A longtime law-enforcement officer says he will mount a write-in campaign for Durham County sheriff to fight the county’s political “descent into anarchy and criminality.”
“The radicals are consciously creating an atmosphere where hardened criminals are considered victims,” Sheriff’s Office Maj. Paul Martin said Friday. “This enabling behavior is spreading like a virus to our schools and is destroying discipline and academic achievement.
"Many of our most vulnerable neighborhoods have become breeding grounds for gangs and drug cartels," he continued. "The radicals pushing this agenda do not live in our most vulnerable neighborhoods, nor do their children attend the schools most damaged by their ideologically driven actions.”
Clarence Birkhead, a former police chief in Hillsborough and Duke University, won last week's Democratic primary for sheriff, defeating incumbent Mike Andrews.
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In a statement, Birkhead said it is “unfortunate,” that a write-in candidate has come forward.
Birkhead “strongly disagrees” with Martin’s assessment “that Durham is being driven by extreme radicals and by people who want to create racial hatred,” Birkhead said..
“Since the candidate made these statements, it makes me wonder what he has been doing for 17 years and most recently as Major of Operations,” Birkhead said. “As sheriff, I will focus on reducing crime in our communities and making Durham safe for everyone.”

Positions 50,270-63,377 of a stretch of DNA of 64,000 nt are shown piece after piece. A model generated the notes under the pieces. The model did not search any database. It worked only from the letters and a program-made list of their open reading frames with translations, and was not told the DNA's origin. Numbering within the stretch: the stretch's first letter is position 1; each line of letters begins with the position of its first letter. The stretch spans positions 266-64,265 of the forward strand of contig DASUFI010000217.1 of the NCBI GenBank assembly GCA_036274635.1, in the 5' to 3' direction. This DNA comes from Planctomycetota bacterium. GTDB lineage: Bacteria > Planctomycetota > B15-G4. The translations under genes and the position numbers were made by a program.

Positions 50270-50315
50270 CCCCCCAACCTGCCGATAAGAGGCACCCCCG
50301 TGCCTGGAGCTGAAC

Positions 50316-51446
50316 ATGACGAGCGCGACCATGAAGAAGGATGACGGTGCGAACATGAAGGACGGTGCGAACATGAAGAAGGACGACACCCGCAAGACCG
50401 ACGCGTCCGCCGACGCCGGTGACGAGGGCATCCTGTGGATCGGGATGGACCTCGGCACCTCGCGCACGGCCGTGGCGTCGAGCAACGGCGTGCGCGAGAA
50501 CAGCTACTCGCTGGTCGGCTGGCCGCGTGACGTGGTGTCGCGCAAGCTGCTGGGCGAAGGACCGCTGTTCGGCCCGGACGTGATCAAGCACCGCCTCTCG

Birkhead said he focusing on working with Sheriff Mike Andrews on a smooth transition.
There are no Republicans on the November ballot.
Martin, 67, has been with the Sheriff’s Office for 17 years, and before that with the Durham Police Department for 19 years. He has submitted a form declaring his intent to run, he said, and will start to gather signatures.
In an interview, Martin said he expects his statements will make some people mad, but he also expects to inspire people to vote.
"If I hear another incident where a black man shoots a black man and people say it is systemic racism that caused it,” Martin said, he will “throw up."
“That is denying a person is responsible for his own actions,” he said.
A write-in candidate for a single-county contest requires 100 verified signatures of registered voters of the applicable area, said George McCue, Durham County’s deputy director of elections.. Write-in candidate notification is required by Aug. 8. Candidates who lost in the primary may not run as a write-in (or unaffiliated) candidate.